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United States Statutes at Large

United States Statutes at Large
Title page of volume 125
Type Session laws, official journal and treaty series
Publisher Office of the Federal Register
Founded 1845 (1845)
Language English
Headquarters United States

The United States Statutes at Large, commonly referred to as the Statutes at Large and abbreviated Stat., is the official record of

  • Statutes at LargeVolumes 1 to 18 (1789–1875) of the made available by the Library of Congress
  • Statutes at LargeVolumes 1 to 64 (1789–1951) of the made available by the Congressional Data Coalition via
  • Statutes at LargeVolumes 65 to 125 (1951–2011) of the made available by the GPO and the Library of Congress via FDsys
    • Sortable by Bills Enacted into Laws, Concurrent Resolutions, Popular Names, Presidential Proclamations, or Public Laws.
  • Statutes at LargeVolumes 1–124 of the made available by the Constitution Society
  • Public and private laws from 104th Congress (1995) to present from the Government Printing Office, in slip law format with Statutes at Large page references
  • Early United States Statutes includes Volumes 1 to 44 (1789–1927) of the Statutes at Large in DjVu and PDF format, along with rudimentary OCR of the text.
  • United States Statutes and the United States Code: Historical Outlines, Notes, Lists, Tables, and Sources from the Law Librarians' Society of Washington, DC
  • Second Edition of the Revised Statutes of the United States (1878)

External links

  • How Our Laws Are Made, by the Parliamentarian of the House of Representatives (PDF).

Further reading

  1. ^ Public and Private Laws: About,  
  2. ^ See generally 1 U.S.C. § 112.
  3. ^ Statutes at Large: About


See also

Sometimes very large or long Acts of Congress are published as their own volume of the Statutes at Large. For example, the Internal Revenue Code of 1954 was published as volume 68A of the Statutues at Large (68A Stat. 3).

Until 1948, all treaties and international agreements approved by the United States Senate were also published in the set, but these now appear in a publication titled United States Treaties and Other International Agreements, abbreviated U.S.T. In addition, the Statutes at Large includes the text of the Declaration of Independence, Articles of Confederation, the Constitution, amendments to the Constitution, treaties with Indians and foreign nations, and presidential proclamations.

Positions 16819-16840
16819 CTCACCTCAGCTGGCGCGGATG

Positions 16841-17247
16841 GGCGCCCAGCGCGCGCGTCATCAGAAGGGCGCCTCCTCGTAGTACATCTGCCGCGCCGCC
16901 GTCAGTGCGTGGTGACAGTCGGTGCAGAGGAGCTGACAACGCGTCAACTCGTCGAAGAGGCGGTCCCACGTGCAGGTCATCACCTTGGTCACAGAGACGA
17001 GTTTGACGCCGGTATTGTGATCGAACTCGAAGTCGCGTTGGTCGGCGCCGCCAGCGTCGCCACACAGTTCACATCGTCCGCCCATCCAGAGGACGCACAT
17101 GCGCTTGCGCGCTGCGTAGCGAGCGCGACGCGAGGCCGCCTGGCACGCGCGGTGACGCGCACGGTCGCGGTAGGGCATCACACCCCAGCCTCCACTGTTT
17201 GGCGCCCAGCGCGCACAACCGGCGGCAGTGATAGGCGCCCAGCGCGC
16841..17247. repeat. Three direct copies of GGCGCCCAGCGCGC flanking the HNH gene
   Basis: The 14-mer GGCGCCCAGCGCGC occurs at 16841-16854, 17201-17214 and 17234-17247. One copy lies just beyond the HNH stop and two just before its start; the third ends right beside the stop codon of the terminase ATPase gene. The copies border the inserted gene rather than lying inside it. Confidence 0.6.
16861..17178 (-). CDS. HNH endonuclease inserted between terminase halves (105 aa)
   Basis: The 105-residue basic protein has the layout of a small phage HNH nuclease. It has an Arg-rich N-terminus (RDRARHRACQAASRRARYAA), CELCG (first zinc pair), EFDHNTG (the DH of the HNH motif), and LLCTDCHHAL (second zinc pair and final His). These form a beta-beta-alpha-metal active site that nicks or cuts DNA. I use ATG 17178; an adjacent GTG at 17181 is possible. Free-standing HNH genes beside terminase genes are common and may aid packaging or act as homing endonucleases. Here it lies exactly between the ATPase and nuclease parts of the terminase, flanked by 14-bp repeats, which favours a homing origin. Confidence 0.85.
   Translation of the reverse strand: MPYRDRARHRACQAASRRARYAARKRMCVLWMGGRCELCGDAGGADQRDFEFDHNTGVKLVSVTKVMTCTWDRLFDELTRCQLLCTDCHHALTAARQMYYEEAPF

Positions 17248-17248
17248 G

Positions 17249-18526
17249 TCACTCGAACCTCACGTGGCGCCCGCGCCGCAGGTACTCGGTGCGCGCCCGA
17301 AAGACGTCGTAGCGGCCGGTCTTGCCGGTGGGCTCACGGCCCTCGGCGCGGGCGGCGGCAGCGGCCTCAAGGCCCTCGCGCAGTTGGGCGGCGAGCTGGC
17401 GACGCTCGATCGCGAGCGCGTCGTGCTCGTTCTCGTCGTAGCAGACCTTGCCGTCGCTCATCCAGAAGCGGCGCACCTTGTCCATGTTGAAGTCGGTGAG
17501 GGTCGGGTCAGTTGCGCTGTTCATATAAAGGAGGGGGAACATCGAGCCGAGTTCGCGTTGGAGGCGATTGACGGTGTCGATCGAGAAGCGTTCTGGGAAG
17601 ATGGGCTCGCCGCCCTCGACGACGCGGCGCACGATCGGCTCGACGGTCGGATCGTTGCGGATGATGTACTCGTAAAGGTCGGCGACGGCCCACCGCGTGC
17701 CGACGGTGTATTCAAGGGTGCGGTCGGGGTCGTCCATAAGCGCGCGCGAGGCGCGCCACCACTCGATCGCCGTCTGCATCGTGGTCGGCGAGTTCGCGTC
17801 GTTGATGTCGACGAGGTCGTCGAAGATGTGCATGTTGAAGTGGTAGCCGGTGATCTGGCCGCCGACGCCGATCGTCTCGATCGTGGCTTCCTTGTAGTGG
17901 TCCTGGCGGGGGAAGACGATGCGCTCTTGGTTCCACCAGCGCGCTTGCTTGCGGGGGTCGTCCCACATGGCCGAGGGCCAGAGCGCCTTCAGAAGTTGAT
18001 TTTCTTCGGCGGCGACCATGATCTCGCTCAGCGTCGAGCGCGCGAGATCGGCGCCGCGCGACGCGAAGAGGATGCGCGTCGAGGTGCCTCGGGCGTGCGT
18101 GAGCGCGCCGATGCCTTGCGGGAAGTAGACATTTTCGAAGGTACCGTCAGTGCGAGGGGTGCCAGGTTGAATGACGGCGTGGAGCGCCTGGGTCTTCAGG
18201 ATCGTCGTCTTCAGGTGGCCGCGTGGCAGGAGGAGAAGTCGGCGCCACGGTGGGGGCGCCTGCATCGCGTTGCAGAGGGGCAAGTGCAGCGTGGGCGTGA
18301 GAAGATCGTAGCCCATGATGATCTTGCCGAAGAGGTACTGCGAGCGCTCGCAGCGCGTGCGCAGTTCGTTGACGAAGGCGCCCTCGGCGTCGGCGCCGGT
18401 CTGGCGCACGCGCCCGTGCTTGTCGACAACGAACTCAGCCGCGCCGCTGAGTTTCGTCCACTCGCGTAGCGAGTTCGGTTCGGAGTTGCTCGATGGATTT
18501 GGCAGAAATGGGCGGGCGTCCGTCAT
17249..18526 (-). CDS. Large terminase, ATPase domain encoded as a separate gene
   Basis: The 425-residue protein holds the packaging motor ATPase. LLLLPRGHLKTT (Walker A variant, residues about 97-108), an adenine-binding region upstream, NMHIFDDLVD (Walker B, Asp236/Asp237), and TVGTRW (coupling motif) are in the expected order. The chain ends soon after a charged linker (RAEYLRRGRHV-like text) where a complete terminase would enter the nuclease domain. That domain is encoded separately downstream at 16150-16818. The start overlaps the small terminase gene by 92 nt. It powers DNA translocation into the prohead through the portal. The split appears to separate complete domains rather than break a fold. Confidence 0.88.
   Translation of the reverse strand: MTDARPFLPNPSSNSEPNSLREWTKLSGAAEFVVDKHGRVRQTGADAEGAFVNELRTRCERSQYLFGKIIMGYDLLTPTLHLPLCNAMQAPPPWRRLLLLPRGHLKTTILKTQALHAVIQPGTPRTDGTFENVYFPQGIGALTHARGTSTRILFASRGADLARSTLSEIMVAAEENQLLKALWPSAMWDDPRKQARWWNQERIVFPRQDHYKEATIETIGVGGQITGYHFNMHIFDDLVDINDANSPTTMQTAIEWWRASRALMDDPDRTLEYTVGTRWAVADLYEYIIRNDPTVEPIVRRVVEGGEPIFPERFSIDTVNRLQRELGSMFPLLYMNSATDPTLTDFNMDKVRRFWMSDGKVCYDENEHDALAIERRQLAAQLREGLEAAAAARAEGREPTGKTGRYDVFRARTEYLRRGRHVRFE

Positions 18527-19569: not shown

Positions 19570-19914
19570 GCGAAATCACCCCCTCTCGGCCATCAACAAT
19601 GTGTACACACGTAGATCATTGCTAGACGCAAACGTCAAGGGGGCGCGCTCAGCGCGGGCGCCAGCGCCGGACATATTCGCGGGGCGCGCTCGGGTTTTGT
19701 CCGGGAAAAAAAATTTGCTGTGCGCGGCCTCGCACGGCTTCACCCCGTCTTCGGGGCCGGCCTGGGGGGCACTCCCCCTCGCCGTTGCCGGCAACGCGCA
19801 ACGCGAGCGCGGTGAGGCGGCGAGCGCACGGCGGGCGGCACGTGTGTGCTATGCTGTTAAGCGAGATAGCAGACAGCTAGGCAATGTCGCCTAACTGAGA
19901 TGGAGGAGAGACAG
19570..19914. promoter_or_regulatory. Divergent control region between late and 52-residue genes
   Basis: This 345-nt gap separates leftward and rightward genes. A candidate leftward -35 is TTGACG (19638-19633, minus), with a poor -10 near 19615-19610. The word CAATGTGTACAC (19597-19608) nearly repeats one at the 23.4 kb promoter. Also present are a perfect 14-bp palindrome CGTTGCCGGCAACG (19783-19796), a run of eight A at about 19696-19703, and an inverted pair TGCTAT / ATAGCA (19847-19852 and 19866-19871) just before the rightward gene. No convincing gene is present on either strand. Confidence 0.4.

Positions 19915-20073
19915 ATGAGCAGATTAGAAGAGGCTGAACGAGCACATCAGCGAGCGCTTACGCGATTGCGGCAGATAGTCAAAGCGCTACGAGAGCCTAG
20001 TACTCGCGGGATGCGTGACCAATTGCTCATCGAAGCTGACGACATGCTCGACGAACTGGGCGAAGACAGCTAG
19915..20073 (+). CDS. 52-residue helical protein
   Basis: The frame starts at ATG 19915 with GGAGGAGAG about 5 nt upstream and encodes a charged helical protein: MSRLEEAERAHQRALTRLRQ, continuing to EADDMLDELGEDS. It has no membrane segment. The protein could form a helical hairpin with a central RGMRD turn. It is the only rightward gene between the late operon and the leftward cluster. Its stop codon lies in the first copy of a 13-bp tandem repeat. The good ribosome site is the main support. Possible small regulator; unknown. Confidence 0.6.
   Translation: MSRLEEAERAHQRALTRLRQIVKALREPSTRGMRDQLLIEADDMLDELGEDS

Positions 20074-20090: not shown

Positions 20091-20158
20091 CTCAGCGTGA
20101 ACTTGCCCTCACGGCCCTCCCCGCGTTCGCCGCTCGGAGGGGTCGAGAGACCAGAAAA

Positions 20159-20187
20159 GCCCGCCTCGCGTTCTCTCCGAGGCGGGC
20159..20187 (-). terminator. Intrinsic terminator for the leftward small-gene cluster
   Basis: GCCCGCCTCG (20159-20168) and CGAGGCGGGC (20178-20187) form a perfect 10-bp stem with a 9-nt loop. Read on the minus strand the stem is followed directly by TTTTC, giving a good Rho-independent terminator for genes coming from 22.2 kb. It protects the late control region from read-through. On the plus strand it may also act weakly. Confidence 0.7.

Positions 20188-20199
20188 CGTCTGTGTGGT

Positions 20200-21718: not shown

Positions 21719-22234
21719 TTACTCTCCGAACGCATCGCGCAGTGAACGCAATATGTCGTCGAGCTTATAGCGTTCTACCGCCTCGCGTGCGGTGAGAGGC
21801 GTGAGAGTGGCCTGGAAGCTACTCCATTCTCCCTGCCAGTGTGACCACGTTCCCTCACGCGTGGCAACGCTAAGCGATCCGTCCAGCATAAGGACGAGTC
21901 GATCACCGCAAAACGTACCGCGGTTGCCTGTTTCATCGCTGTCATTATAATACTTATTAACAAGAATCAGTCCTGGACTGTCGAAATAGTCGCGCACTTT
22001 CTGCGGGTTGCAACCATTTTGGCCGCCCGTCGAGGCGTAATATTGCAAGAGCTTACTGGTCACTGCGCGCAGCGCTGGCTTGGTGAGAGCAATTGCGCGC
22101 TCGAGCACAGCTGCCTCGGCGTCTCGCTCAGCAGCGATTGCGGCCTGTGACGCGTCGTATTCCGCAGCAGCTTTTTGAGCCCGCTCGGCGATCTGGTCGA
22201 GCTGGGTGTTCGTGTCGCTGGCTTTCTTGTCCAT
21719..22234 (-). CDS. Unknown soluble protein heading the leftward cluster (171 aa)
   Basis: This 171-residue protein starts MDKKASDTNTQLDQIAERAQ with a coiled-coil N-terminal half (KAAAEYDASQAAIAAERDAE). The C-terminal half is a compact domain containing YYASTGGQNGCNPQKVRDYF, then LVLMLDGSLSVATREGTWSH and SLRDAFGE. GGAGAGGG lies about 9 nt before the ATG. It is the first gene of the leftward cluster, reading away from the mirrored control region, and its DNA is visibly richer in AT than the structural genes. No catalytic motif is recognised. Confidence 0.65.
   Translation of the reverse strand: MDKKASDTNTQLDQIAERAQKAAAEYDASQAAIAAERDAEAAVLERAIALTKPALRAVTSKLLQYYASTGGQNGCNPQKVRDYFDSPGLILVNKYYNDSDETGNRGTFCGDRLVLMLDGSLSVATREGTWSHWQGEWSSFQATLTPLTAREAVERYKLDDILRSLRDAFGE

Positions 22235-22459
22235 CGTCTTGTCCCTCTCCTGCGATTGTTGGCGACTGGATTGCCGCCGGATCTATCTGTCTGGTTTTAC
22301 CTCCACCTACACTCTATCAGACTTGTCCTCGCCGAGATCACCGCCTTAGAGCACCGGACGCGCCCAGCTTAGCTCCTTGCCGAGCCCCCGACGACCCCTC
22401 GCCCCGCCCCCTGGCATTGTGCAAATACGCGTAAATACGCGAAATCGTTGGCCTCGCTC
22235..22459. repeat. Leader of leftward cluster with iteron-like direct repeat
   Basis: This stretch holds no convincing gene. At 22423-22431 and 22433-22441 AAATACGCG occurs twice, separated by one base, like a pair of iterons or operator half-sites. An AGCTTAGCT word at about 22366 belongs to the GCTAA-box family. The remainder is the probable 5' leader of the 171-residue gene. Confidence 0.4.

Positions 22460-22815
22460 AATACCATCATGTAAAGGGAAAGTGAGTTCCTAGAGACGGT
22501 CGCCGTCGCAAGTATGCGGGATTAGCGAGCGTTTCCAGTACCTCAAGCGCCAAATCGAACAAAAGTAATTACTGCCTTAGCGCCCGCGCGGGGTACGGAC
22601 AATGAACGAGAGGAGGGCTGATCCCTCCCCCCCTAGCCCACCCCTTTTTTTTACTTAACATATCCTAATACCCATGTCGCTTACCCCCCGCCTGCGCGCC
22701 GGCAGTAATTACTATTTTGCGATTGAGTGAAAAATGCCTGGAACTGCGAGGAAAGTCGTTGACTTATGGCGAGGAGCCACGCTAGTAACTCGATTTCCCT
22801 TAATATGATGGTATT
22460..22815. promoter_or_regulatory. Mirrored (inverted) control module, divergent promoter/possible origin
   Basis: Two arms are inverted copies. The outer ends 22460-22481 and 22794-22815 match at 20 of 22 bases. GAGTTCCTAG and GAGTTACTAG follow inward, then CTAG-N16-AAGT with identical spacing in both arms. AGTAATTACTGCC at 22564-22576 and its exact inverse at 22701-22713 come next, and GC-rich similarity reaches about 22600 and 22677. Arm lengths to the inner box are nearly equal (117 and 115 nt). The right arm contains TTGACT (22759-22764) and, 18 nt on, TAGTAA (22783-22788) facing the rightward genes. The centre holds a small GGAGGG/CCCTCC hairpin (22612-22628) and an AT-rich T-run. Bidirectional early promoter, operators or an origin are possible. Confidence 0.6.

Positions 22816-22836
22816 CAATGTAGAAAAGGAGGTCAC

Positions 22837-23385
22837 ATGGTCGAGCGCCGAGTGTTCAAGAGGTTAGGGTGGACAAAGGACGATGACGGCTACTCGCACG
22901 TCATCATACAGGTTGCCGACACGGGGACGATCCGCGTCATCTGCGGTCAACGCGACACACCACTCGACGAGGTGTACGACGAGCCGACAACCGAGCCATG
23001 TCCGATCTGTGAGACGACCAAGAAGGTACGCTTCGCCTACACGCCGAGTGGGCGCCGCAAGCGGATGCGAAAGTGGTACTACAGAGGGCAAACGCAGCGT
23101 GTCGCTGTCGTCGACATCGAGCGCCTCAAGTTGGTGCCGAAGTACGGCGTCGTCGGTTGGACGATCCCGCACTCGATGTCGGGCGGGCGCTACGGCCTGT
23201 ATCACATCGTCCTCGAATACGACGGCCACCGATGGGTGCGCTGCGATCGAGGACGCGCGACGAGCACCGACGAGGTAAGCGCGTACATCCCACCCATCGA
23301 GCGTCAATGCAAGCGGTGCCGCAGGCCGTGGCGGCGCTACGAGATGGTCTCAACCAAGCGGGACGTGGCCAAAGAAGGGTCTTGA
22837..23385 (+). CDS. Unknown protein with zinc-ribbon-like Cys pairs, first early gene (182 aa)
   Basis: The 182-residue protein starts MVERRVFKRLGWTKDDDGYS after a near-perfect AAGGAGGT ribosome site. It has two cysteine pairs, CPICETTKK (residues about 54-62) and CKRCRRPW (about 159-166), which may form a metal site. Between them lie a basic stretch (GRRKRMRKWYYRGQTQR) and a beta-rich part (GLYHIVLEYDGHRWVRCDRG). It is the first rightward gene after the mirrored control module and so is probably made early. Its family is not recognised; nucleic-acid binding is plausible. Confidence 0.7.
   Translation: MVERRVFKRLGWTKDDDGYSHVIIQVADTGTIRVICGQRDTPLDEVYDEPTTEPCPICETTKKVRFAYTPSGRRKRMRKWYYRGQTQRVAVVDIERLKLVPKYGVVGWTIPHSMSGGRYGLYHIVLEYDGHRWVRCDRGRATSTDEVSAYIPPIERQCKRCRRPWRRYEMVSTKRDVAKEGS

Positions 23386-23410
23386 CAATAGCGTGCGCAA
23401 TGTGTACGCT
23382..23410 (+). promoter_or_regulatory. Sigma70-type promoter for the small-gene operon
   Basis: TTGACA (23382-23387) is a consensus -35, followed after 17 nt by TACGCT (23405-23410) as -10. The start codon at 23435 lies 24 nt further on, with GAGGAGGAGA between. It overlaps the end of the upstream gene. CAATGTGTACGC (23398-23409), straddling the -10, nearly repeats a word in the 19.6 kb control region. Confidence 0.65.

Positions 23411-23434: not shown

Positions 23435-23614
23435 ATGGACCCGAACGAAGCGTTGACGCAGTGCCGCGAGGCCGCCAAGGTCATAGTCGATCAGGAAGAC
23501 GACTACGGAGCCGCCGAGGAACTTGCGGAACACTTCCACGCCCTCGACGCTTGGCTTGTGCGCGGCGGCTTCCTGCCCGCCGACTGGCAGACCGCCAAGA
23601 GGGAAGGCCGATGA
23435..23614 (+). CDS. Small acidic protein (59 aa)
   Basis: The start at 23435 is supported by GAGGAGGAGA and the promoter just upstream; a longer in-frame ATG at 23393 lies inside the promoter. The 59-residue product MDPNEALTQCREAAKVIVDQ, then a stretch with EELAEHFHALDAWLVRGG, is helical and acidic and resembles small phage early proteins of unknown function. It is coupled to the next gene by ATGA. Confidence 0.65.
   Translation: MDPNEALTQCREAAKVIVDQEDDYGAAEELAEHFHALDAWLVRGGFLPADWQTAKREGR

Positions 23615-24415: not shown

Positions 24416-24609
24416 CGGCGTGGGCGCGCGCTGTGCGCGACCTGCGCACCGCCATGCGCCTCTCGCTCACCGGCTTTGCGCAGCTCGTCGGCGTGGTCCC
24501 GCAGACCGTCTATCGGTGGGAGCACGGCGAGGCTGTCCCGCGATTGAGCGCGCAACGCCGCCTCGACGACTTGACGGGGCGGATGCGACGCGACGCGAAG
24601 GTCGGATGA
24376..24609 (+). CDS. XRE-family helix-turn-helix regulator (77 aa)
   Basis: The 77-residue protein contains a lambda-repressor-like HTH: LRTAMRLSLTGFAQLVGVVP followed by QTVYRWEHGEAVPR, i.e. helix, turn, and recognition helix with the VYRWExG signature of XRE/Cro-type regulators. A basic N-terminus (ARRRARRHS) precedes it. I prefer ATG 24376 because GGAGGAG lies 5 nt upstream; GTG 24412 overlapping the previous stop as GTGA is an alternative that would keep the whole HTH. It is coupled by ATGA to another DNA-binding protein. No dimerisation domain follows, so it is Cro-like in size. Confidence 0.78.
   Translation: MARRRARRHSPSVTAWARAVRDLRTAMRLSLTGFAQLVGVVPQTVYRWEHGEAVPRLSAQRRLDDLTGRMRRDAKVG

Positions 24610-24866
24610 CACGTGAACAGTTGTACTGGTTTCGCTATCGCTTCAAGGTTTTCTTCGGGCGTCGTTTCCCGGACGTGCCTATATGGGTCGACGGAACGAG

Pub.L. 80–278, 61 Stat. 633, was enacted July 30, 1947 and directed the Secretary of State to compile, edit, index, and publish the Statutes at Large. Pub.L. 81–821, 64 Stat. 980, was enacted September 23, 1950 and directed the Administrator of General Services to compile, edit, index, and publish the Statutes at Large. Since 1985 the Statutes at Large have been prepared and published by the Office of the Federal Register (OFR) of the National Archives and Records Administration (NARA).[3]

In 1874, Congress transferred the authority to publish the Statutes at Large to the Government Printing Office under the direction of the Secretary of State.

Publication of the United States Statutes at Large began in 1845 by the private firm of George P. Sanger (Volumes 11–17) served as editors.

A few volumes of the Statutes at Large


Some portions of the United States Code have been enacted as positive law and other portions have not been so enacted. In case of a conflict between the text of the Statutes at Large and the text of a provision of the United States Code that has not been enacted as positive law, the text of the Statutes at Large takes precedence.[2]

Today, large portions of slip laws denominated as public laws are now drafted as amendments to the United States Code. Once enacted into law, an Act will be published in the Statutes at Large and will add to, modify, or delete some part of the United States Code. Provisions of a public law that contains only enacting clauses, effective dates, and similar matters are not generally codified. Private laws also are not generally codified.



  • Codification 1
  • History 2
  • See also 3
  • Notes 4
  • Further reading 5
  • External links 6

). United States Code (codification), and Statutes at Large consisting of slip laws, session laws (federal statutes of publication They are part of a three-part model for [1]

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